Domestic violence is sneaky. The very nature of being physically or emotionally abused in the privacy of your own home means that victims don't often have an easy way out or obvious ways to seek help. Which is why a recent study on the effects of domestic violence on pregnant women shouldn't be all that surprising to anyone familiar with abuse. Researchers at the University of Iowa found that domestic violence doubles the risk for pre-mature birth and low birth weight among babies, according to The Guardian.
The meta-study looked at 50 others studies profiling more than five million children from 17 countries, and it highlights the need for early prevention and outlets for women who are suffering from abuse, whether they are pregnant or not. The study, published by BJOG: An International Journal of Obstetrics & Gynecology, found that pre-term birth was 2.3 times more likely and low-birth weight 2.5 times more likely when compared with women who did not suffer abuse during pregnancy.
Physical and sexual abuse are often closely tied to emotional abuse. That means greater stress — which means women are eating less, not paying as much attention in adhering to prenatal care, and even just sleeping poorly. Even worse, there's a direct link between victims of abuse being more prone to substance abuse. All of this is bad news for pregnant women and the fetus.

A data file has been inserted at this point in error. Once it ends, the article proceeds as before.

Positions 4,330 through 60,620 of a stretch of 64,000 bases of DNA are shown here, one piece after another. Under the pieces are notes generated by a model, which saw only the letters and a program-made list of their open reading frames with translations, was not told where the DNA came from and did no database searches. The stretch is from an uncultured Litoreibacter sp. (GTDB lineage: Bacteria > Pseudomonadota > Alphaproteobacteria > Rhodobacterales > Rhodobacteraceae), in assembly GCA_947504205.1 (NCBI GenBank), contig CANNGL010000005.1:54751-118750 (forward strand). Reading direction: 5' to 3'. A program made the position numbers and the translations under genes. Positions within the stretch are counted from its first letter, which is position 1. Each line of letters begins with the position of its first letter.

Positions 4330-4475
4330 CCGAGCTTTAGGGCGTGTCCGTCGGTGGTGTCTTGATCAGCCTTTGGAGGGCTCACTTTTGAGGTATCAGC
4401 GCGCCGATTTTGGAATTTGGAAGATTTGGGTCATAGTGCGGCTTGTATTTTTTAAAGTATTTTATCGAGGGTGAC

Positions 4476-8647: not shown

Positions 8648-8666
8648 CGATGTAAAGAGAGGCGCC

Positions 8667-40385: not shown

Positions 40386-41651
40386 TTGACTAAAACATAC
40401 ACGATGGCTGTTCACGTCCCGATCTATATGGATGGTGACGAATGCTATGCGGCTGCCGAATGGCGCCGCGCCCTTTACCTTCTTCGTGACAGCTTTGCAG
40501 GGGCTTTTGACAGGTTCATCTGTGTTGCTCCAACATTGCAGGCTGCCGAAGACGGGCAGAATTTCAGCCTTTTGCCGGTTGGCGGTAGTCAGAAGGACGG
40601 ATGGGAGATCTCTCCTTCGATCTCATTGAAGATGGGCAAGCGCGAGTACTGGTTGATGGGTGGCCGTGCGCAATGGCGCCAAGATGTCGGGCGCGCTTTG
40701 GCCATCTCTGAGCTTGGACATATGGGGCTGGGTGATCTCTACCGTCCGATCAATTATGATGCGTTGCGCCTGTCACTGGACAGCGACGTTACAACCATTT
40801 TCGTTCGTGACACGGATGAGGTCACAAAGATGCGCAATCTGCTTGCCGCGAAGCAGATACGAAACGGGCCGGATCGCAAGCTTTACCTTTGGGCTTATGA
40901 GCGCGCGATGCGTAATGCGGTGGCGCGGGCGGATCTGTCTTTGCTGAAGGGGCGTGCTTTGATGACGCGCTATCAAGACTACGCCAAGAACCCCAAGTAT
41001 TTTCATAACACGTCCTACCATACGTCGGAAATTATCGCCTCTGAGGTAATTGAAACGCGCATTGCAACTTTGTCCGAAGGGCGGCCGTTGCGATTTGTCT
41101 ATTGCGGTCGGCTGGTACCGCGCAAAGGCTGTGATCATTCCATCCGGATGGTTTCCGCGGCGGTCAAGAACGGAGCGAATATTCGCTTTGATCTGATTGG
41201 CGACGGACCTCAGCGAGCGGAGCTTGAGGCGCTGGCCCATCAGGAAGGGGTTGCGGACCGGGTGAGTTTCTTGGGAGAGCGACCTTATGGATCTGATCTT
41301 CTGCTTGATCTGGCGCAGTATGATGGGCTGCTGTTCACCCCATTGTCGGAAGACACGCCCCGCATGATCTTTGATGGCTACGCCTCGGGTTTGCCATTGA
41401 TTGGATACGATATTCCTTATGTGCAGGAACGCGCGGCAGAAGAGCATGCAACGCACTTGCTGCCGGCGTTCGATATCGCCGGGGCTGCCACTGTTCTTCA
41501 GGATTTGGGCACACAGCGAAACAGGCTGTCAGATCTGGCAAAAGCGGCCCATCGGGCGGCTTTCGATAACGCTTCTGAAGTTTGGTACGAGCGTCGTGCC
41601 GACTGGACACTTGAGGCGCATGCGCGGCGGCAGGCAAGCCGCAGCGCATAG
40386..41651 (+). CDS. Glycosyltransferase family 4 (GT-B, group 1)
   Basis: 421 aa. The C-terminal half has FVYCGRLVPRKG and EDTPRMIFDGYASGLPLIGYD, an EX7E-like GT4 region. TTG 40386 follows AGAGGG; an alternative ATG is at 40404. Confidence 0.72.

As a former victim of domestic violence, results like these ones from the University of Iowa study seem obvious to me. Of course living under the threat of violence on a daily basis is bad for your pregnancy. But reaching out for help or even helping someone you think is stuck in a situation that's not safe is so much easier said than done when you're in the midst of it. Calling out how dangerous domestic violence can be on all levels takes perspective that's impossible to find, despite your best efforts, while it's happening in real time.
That's why studies like this one serve as evidence to hold up and help push through stigma. It also highlights the need for bystanders, especially health professionals, to ask more questions of their patients than sometimes feels comfortable for them. Lesley Regan, vice-president for strategic development for the Royal College of Obstetricians and Gynecologists, told The Guardian that continuity of care and trust is key in preventing abuse:
Healthcare professionals have an important role to play in tackling the problem and are often the first and only point of contact that the isolated and vulnerable victim reaches out to. All of us working in health and social services need to be trained to recognize the signs of domestic violence and abuse and know how to act and who to refer to, to ensure the woman’s safety.
Feeling isolated and ashamed are two of the most deadly symptoms of abuse. According to Planned Parenthood, "domestic violence thrives on silence." Hear, hear. Studies like this one nullify any urge to tell a woman that her situation "might be" or "could be" dangerous for her pregnancy. It is dangerous. Speaking up, and with, potential or supposed victims of abuse is the only way to stop it and save, not just the lives of women, but of women and their children.